No Lesson At All

January 03, 2018:

Azalea Kingston manages to track Wilson Fisk down to a club he'll never visit again, all to confront him over the fate of one Trish Walker.

Pizzicato Rose, Soho

A wine bistro and piano bar that will probably be a lot more pleasant to visit from here on out.


NPCs: None.


Mood Music: [*\# None.]

Fade In…

The event that finally linked a name and a face to Azalea's long delve into the activities of Union Allied was an infamous one. Almost silently, a man named Wilson Fisk showed up at the Stark Gala to oversee a three trillion dollar donation to the three charities on offer, to be split evenly between them. It was in Union Allied's name, the donation, but the invitation had to go to a person. It was a blip. Blink and you'll miss it.

The same event outed his name to other enemies through other avenues. Voice recognition, both computerized and super-powered. But for the Dark Devil? Good old fashioned gumshoe footwork got the job done just as well, though it probably would have taken her a few weeks more. But the digging proved interesting.

The reclusive man somehow managed to get his name erased from any nudges to get a statement from certain witnesses, for example, from every single one of the law enforcement agencies poking their nose into the thing. Quite the feat, considering NYPD, the ATF, SHIELD and Homeland Security all prowled the giant crime scene.

Then there's the fact that the company declared bankruptcy about one month after the charity event. It had 3 trillion dollars to give, but apparently needed to be reorganized right away. Either someone's really bad at math or something really stinks.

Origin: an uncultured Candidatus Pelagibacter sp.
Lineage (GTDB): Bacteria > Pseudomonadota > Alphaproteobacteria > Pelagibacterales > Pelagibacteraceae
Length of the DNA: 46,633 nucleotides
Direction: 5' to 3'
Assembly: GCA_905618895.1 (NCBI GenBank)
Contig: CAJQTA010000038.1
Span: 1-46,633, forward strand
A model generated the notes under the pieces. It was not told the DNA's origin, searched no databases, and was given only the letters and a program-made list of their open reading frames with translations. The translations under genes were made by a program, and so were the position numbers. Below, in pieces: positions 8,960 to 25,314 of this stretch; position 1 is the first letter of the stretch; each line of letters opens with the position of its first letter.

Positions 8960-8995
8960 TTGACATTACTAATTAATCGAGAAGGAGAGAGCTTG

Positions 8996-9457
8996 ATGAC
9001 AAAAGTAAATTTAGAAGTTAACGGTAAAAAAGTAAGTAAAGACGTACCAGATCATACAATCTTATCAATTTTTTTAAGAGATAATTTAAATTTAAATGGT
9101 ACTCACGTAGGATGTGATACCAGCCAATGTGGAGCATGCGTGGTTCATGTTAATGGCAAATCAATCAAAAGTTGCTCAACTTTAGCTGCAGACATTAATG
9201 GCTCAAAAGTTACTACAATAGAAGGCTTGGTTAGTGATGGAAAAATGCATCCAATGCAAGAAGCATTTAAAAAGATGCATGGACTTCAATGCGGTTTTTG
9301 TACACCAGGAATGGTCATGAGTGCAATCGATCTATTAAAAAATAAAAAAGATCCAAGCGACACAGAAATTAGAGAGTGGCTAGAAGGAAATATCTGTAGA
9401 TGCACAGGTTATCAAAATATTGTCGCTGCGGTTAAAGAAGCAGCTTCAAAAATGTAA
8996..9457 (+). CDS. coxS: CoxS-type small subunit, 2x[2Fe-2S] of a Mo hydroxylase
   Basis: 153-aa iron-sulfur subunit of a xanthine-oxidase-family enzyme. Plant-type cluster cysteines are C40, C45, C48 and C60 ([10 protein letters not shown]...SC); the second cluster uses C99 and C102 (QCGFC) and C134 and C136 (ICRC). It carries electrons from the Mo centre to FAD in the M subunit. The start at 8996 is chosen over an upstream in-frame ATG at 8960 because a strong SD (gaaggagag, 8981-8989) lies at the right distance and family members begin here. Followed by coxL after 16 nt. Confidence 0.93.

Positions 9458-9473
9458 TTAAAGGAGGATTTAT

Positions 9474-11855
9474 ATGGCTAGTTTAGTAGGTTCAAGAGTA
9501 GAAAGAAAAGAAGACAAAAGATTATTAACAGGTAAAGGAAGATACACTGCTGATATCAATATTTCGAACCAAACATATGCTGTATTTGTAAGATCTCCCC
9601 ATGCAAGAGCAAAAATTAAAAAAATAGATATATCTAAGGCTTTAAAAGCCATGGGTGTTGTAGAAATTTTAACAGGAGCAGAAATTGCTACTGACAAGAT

Union Allied, of course, is very fond of donations. NPR got a big one from them just days before Trish Walker got a fantastic new career opportunity.

But tracking down Wilson Fisk's giant presence isn't any easier, really, than tracking down his name. It may not take as much time, once the name is known. Favors can be traded. Information purchased or beaten out of various players. Certainly a lot of the tricks of the PI's trade don't come in much handy. The public records on this guy boil down to a birth certificate, a date of birth, a high school transcript, and a social security number. The man doesn't even have a credit report. Even the illegal tricks of pretexting one's way into bank or phone records would fall flat here. There simply are none. At least, not under that name.

But nothing can stop the determined soul, nor a hunter who has had many a long century to perfect the craft. Xiuhn'azel learns that on certain nights Wilson Fisk takes in performances at an exclusive wine bistro and piano bar called the Pizzicato Rose, in Soho. It's one of those 'hidden gem' places with about 30 places to sit, a spot that requires a reservation. A place that doesn't bother printing prices on any of its menus.

He sits in shadow, clad in an exquisitely tailored dove grey suit with a grey silk shirt, open at the collar. He is outwardly sedate, but there isn't a person in this room, from the bus boy to the bartender, who hasn't picked up on the seething air of menace that seems to roll out of him every time he so much as shifts his corpulent form in the red velvet padding adorning his chair. Massive fingers delicately cradle a glass of wine such a dark shade of red that it's damn near purple, and the very gentleness with which he does this seems to carry some level of threat, some silent awareness that everyone picks up on: it would take but a flex of those enormous fingers to crack the delicate glass, render it irrevocably ruined.